11/2/17 - The Edge
In our ‘Intro Session’ we talk about many things. One of the things I always talk about with people is the edge of their known fitness. That somewhat fuzzy place that feels like the limit of what they can do. A very clear metaphor for this is walking to the edge of a cliff. It makes total sense that near the edge you will find out more information. It makes sense that fear creeps in near the edge. It makes sense that you could fall at the edge. It makes sense that your form could falter, or you could slip near the edge. All of these things are very easy to understand. Well, I am here to tell you that fitness is the same way. It feels like there is a limit. It feels like there is an edge, and its uncomfortable to go there.
Here is the good news. The edge is where the gains are. The edge is where you will collect the largest amount of adaptation, but it isn’t ever an easy thing. It doesn’t ever feel good. What you get from going there is what you are looking for. What you get from going there is the stuff that makes you keep coming to the gym. The double edged sword of this whole deal is that your visits to the edge are completely under your control. You have the gas pedal, and you always will. No one is going to make you go there.
We have this program, and you can be a part of it, and attend all of your classes, and legitimately never go there. Doing a workout and making yourself sweaty does not mean you are visiting the edge. This is a decision that happens amidst the storm. You decide to push. You decide that the struggle is not worth the fight without the result. You decide to level up. You decide to reach for more. You decide to run faster when your body is telling you to stop. You see, this gas pedal is always with you. Learning to use it is part of the game. Where is the edge? Have you been there? The availability of adaptation is plentiful for those that reach. But, don’t kid yourself, this is no easy path.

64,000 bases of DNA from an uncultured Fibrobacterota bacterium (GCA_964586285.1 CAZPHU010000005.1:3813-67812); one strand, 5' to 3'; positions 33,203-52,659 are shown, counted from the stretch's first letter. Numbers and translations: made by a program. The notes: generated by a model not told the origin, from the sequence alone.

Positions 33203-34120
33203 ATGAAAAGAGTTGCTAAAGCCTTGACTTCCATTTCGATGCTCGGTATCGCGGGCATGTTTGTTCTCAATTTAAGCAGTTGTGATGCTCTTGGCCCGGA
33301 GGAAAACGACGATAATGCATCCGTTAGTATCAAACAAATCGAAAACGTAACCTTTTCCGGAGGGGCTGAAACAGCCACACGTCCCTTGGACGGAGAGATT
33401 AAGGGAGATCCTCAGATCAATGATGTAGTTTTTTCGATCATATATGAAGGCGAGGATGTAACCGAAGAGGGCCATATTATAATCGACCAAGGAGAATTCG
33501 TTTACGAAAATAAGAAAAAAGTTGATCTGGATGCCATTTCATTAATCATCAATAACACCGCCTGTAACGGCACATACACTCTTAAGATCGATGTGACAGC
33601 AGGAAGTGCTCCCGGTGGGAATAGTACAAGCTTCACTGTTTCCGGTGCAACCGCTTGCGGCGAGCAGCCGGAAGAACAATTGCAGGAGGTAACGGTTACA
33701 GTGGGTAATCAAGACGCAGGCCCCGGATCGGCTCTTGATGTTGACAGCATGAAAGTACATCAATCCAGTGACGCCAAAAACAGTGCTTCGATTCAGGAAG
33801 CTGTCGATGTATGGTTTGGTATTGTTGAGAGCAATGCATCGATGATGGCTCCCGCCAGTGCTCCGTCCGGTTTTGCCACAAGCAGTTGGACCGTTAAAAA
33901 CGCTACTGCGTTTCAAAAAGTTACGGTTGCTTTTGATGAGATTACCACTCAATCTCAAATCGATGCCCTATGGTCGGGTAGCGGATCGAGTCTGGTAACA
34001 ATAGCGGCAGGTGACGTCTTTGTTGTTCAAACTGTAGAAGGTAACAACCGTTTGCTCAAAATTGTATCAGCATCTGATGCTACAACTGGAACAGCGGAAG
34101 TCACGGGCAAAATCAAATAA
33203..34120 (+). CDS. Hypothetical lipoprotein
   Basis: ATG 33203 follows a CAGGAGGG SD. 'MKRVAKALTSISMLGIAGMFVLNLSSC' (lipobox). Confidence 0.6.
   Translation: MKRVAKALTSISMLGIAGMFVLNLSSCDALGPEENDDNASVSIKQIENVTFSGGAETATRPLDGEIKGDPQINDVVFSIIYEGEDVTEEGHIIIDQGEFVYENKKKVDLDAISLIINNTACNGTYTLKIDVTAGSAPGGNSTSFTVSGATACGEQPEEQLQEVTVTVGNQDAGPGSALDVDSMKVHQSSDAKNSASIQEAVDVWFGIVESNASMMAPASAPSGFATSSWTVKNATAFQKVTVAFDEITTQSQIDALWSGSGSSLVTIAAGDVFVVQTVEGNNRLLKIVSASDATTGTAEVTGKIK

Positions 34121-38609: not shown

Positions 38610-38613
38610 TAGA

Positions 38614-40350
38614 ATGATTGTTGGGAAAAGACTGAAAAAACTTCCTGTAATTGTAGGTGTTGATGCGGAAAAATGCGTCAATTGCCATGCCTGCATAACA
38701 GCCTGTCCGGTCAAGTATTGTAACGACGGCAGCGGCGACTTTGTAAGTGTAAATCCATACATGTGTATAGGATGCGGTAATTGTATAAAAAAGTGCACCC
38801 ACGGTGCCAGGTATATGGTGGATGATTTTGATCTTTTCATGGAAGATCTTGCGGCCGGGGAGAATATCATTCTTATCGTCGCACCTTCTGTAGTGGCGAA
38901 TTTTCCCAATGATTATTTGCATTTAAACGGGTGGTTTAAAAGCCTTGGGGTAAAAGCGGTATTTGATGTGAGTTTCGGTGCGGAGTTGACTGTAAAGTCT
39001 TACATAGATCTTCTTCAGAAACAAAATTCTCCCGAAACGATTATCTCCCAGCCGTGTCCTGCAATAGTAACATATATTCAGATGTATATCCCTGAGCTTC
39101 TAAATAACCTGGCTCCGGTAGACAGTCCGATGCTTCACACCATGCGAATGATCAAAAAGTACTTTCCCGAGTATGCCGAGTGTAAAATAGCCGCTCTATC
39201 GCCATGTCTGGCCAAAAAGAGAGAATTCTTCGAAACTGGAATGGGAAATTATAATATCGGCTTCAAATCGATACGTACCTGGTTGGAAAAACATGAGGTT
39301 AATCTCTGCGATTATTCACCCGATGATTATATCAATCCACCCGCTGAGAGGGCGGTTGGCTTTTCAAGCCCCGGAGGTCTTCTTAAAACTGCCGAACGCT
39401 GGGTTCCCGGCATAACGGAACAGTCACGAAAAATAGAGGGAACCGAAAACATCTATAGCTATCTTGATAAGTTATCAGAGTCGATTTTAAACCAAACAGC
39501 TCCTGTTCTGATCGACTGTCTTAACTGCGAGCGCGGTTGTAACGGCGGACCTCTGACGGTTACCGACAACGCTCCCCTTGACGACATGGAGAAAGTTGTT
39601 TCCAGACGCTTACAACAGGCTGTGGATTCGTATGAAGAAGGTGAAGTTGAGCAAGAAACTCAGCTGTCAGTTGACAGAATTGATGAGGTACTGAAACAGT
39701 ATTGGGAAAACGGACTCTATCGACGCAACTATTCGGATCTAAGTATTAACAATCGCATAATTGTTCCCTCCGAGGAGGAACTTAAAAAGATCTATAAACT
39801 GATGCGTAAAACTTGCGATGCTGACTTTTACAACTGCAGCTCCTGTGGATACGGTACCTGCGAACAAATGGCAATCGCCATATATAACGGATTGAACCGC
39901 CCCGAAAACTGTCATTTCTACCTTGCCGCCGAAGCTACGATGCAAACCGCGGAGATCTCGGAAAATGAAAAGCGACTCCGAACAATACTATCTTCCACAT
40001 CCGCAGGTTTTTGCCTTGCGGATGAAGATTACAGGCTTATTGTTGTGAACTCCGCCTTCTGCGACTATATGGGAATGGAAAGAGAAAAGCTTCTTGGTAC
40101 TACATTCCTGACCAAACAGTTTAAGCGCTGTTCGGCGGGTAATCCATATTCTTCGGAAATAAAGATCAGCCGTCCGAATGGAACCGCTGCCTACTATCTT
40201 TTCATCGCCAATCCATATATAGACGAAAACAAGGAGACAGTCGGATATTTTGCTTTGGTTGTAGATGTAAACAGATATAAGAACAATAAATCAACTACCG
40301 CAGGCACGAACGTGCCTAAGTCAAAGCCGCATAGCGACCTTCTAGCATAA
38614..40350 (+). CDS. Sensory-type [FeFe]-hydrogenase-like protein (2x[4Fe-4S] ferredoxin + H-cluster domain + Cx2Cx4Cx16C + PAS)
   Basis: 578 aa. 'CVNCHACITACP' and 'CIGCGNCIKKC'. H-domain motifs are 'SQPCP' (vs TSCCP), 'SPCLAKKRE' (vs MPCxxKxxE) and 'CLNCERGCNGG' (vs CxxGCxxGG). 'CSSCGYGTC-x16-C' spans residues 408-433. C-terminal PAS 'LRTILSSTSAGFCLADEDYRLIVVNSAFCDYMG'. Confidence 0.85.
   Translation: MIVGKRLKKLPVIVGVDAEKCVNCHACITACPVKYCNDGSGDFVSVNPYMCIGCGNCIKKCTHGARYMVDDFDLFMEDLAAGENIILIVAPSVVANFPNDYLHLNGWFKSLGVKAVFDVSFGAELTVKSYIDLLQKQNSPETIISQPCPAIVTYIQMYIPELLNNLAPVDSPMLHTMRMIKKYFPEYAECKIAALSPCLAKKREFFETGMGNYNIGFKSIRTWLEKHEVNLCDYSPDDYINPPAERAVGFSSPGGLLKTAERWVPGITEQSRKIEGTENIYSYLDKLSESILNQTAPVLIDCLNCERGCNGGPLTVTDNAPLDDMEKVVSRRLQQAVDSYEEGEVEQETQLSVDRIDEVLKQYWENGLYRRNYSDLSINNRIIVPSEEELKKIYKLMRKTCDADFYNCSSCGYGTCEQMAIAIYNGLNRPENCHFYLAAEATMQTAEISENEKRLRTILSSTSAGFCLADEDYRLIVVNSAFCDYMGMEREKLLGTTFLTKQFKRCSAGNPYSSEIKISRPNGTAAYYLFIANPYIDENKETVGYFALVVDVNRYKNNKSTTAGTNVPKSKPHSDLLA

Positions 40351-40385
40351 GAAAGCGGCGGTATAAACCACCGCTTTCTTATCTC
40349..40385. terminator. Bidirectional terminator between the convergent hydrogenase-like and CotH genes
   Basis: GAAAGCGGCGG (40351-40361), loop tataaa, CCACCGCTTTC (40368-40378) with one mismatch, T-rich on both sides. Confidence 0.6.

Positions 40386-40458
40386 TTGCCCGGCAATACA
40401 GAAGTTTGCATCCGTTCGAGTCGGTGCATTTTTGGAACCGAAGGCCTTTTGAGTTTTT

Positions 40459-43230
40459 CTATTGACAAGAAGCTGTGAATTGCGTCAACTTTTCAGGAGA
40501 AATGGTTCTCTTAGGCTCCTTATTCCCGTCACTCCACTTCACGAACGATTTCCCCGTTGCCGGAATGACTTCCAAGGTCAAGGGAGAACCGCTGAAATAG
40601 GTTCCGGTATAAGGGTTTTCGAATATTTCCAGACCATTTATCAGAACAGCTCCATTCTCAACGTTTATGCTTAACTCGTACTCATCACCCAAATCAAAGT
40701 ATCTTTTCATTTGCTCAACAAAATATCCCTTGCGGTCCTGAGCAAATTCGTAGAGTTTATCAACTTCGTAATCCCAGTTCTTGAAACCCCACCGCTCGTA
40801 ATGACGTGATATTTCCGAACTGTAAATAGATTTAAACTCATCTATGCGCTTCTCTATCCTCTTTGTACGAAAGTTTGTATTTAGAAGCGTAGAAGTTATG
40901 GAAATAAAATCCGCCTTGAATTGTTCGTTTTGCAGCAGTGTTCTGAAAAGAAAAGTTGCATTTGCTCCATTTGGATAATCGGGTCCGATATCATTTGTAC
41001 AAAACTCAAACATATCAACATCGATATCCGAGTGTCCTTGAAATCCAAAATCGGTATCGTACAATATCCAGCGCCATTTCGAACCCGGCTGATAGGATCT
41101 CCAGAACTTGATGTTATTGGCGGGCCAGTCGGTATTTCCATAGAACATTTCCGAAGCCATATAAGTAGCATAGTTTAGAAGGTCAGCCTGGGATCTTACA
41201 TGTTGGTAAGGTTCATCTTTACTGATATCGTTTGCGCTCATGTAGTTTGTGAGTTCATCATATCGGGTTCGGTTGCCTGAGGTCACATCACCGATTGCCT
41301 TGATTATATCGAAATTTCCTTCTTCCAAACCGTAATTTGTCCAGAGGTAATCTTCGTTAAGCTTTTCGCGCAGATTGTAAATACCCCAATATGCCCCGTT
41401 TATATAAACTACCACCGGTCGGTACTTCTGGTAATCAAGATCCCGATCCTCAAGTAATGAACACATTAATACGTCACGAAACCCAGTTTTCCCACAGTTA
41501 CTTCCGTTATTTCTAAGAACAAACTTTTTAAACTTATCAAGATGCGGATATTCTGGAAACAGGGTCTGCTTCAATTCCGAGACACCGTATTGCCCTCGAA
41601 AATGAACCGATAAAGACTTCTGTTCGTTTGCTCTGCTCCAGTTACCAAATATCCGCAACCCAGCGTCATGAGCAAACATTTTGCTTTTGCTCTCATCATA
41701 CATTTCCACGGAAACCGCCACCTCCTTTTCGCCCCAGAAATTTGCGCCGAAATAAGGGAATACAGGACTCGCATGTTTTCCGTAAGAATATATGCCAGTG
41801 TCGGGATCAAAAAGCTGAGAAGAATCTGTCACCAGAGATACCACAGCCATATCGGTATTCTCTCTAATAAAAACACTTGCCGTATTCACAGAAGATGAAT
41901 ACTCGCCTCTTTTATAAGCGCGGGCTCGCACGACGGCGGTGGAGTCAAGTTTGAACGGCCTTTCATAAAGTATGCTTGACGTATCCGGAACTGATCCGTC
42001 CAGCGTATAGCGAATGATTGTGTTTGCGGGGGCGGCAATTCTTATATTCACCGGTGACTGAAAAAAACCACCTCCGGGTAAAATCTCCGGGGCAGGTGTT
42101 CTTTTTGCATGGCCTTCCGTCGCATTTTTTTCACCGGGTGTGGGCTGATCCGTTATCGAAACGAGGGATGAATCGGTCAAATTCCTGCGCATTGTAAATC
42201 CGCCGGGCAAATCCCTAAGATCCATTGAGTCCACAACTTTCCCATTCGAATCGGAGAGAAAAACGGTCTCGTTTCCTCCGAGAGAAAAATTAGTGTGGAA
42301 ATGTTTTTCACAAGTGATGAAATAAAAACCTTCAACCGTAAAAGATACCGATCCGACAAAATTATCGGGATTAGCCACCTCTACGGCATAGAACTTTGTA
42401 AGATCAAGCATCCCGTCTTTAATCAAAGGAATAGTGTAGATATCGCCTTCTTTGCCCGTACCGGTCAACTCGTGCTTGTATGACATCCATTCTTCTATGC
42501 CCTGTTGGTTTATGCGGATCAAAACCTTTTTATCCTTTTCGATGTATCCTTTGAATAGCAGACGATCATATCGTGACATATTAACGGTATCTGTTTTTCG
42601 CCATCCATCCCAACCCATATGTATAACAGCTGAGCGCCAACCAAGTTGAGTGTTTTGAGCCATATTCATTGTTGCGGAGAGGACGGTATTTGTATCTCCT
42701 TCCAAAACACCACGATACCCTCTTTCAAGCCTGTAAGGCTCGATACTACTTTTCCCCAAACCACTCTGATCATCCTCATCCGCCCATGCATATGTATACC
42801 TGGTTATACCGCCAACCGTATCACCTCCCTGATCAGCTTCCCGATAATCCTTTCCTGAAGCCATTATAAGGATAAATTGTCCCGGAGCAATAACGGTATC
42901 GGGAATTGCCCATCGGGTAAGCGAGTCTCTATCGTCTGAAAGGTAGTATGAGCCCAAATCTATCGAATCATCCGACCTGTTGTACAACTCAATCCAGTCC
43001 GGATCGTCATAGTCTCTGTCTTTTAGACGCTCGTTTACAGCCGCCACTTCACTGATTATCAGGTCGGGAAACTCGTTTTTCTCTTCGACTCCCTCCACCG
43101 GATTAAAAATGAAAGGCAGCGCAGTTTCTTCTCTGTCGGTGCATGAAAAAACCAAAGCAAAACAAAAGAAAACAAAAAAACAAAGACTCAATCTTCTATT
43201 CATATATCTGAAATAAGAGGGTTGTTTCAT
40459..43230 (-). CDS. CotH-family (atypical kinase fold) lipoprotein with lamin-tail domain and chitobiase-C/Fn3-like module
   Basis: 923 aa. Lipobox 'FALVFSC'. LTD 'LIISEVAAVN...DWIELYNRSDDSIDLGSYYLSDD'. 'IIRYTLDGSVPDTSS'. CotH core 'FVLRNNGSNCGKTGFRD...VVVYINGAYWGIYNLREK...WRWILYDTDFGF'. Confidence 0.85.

I want to discuss mechanics. This is very clear in the case of a heavy deadlift. Say that you were to fall off the proverbial edge in a deadlift. This would look something like the weight is too heavy, immediately when you pull against the bar, your trunk position fails, and you continue to pull ever so slowly dragging the bar about halfway up your shin. You see that bucking thing start to happen as you continue to fight this weight, and eventually you return the bar to the floor, never completing the rep. Maybe you then see stars from the exertion and have to take a knee.
In this example the athlete failed to maintain proper form, which I would argue is the most important element to the lift. You see faltering a little is huge, but faltering huge is not what we want. The goal of lifting weights is to constantly challenge posture and position with increasing loads or increasing reps. Going off the edge or grossly failing in position is not par for the course.
Understanding where you edge is will constantly move the needle on your fitness. Understanding what it takes to go there will help you realize the adaptation you are seeking. The more time you spend on the edge, the more gains you will reap. The decision is always there for you. The gas pedal is always yours.
Complete 8 rounds for time of:
150′ Sled Drag (AHAP)
150′ Reverse Sled Drag (AHAP)
-Rest 2 min-